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|| Tuesday, September 24, 2019
|Bryan Adams captures over 100 raw and unsettling images of 40 wounded soldiers in new book|
These photographs are a tribute to and a celebration of the servicemen and women who have stood the test of war and lived to tell the tale.
BEVERLY HILLS, CA.- Wounded: The Legacy of War is a collection of photographs of servicemen and women who have cheated death whilst serving their country in Iraq and Afghanistan. These intimate portraits pay testament to the sacrifice of British soldiers, unflinchingly documenting the horrific disfigurements and disabilities that they have suffered in the line of fire over the past decade.
Photographer Bryan Adams has captured over 100 raw and unsettling images of 40 wounded soldiers which challenge and dare the viewer.
Through the camera lens the reader is invited to observe the sheer grit and bravery of these individuals who, despite personal sacrifice, live each day with continued vim, vigour and dignity. Alongside every image is an intimate interview providing a narrative to each soldiers personal journey to recovery.
As General the Lord Dannatt (Chief of the General Staff 2006-2009) explains in the foreword to WOUNDED these photographs are testament to the triumph of the spirit over the body, hope over doubt and sheer determination over self-pity.
These photographs are a tribute to and a celebration of the servicemen and women who have stood the test of war and lived to tell the tale - ordinary people with extraordinary fortitude. Difficult to ignore and impossible to forget.
Bryan Adams began his photographic career in the late nineties and in 2012 published his first photographic book Exposed which features portraits of friends and colleagues in the entertainment, fashion and art industries.
Caroline Froggatt is an ITN journalist with over a decade of experience at the heart of the network newsroom at ITV News. She has produced a number of compelling investigations often focusing on the issues affecting servicemen and their families during and after their experiences in Iraq and Afghanistan. As a result of her work at ITN she was inspired to highlight and promote the steel and fortitude of the wounded servicemen and women she encountered.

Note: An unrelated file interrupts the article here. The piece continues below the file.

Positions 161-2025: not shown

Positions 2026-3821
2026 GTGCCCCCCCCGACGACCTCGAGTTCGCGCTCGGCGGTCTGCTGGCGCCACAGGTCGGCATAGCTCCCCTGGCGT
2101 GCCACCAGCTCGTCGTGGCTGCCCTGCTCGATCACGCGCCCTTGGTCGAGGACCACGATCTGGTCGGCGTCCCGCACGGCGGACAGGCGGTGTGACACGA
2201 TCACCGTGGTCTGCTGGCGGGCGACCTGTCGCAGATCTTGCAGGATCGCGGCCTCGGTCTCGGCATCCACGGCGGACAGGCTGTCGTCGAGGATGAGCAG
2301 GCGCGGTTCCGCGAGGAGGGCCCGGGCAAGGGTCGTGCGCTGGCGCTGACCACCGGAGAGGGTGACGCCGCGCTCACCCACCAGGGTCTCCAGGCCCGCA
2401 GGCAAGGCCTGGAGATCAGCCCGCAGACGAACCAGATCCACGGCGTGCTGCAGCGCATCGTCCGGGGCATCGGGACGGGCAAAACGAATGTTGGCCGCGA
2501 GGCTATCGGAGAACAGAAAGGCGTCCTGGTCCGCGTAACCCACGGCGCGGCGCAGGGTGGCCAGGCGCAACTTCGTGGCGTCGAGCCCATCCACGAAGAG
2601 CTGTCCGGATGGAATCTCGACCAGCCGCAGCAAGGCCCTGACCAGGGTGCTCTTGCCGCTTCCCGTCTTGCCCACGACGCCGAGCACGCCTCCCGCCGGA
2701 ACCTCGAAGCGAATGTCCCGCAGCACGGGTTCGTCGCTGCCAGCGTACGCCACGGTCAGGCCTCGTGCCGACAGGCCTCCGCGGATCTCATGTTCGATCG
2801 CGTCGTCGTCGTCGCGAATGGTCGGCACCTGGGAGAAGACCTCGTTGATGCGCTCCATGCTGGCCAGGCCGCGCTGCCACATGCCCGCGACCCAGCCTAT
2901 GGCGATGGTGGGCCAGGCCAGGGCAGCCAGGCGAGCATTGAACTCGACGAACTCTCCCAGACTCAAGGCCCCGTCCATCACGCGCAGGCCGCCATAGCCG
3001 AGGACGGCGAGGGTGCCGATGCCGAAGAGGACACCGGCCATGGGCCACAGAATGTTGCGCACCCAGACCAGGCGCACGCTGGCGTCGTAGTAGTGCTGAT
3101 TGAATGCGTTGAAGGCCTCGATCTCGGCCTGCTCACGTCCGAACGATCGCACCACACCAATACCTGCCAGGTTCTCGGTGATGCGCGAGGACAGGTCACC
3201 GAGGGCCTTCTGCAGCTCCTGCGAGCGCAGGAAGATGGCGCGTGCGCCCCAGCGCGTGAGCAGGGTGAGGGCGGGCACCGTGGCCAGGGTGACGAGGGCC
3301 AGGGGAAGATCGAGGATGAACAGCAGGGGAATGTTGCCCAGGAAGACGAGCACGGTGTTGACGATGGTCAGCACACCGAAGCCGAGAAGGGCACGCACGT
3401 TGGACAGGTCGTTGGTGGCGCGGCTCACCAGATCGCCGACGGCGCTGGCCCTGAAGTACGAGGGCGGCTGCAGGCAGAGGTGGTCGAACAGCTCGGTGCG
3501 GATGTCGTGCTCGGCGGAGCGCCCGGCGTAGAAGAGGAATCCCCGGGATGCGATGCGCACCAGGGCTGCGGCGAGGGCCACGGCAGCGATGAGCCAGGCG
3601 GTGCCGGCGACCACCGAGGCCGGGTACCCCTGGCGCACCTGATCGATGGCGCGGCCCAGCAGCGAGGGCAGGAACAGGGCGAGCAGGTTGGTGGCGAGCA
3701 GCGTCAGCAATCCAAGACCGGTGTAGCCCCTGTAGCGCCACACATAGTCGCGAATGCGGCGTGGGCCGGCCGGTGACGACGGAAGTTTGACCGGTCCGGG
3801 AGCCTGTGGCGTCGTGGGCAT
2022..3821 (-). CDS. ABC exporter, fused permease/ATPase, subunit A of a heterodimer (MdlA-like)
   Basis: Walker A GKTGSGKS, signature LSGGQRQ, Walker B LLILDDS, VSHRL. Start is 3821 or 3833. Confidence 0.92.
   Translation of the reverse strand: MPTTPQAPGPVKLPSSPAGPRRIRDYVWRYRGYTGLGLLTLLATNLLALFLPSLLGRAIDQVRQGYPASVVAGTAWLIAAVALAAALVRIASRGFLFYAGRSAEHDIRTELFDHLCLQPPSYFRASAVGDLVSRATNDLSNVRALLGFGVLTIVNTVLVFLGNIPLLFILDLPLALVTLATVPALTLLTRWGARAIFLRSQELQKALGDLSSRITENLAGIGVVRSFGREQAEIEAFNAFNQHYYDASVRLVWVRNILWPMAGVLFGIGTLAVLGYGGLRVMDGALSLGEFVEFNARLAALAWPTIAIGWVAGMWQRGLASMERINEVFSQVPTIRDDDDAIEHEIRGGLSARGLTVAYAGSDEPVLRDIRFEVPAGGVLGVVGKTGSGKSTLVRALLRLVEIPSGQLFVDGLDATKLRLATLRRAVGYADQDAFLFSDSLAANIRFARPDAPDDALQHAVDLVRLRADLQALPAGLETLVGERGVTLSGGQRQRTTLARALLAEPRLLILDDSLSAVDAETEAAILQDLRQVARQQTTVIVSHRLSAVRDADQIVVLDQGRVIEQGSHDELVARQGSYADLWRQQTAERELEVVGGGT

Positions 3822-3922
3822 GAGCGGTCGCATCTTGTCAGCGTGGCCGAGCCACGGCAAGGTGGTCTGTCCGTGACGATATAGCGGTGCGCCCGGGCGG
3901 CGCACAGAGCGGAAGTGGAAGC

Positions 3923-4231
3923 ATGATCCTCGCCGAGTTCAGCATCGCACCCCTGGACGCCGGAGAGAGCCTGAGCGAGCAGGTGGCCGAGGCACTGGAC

Corporal Hannah Campbell, 28, Winchester
Deployed to Iraq with the Adjutant Generals Corps and was injured when she a mortar came through the roof of the Guard Room she was in. It detonated directly beneath her causing the building to collapse and badly damage her leg. She waited three painful years before deciding to have leg amputated and is now going through rehabilitation as an amputee. Hannah is a determined mother with no plans to leave the army.
Marine Joe Townsend, 25, Eastbourne
Deployed to Afghanistan where his role was to patrol the local area as ground force, Joe was five and a half months into the tour when he was injured after standing on an IED. One of his legs was blown off and the other had to be amputated later. He was bed-bound for five and a half months, but was determined to get out and into Headley Court, where he spent 3 years adapting to his prosthetic legs, regaining strength and confidence. In 2011 one of the exercise rehabilitation instructors from Headley Court suggested the idea of Team True Spirit, a team formed of injured servicemen who would compete in mad endurance events to raise money and awareness. Joe entered his first Iron Man in July 2011, and now competes in triathlons for Great Britain, with his aim being to represent his country in the 2016 Rio Olympics.
Corporal Rory Mackenzie, 31, Capel near Dorking
Deployed to Iraq in October 2006 as a Combat Medical Technician, Rory lost a leg when his vehicle drove over an IED, killing the soldier sitting beside him. Once out of hospital he joined a scheme called Battle Back, and on one of their trips skiing in Bavaria realised that he had to accept and overcome his disability. He went on to do psychiatric nursing, as he wanted to help counsel people who had gone through similar experiences to him. He took part in Row2Recovery, and was then recommended by Help for Heroes to be a guest speaker at the closing ceremony of the 2012 Paralympics games. Rory now also travels the country as a motivational speaker.
Lieutenant Will Dixon, 29, Cheltenham
A Platoon Commander with 3 Rifles in Afghanistan, Wills mission there was to bring relative security to that area but he lost his leg when his vehicle was hit by an IED. Will has managed to stay positive and wanted to get fit so he could redeploy back to Afghanistan as quickly as possible as he felt guilty his soldiers were still out there. Within two weeks of arriving at Headley Court he already had his prosthetic leg fitted and was walking successfully on it. Will felt a real sense of unfinished business in his life as it was not possible to redeploy, so became part of Row2Recovery where he channelled his feelings into something positive, which was an important part of his rehabilitation. Will now works full time at Barclays and is feeling positive about his future.
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Bryan Adams captures over 100 raw and unsettling images of 40 wounded soldiers in new book
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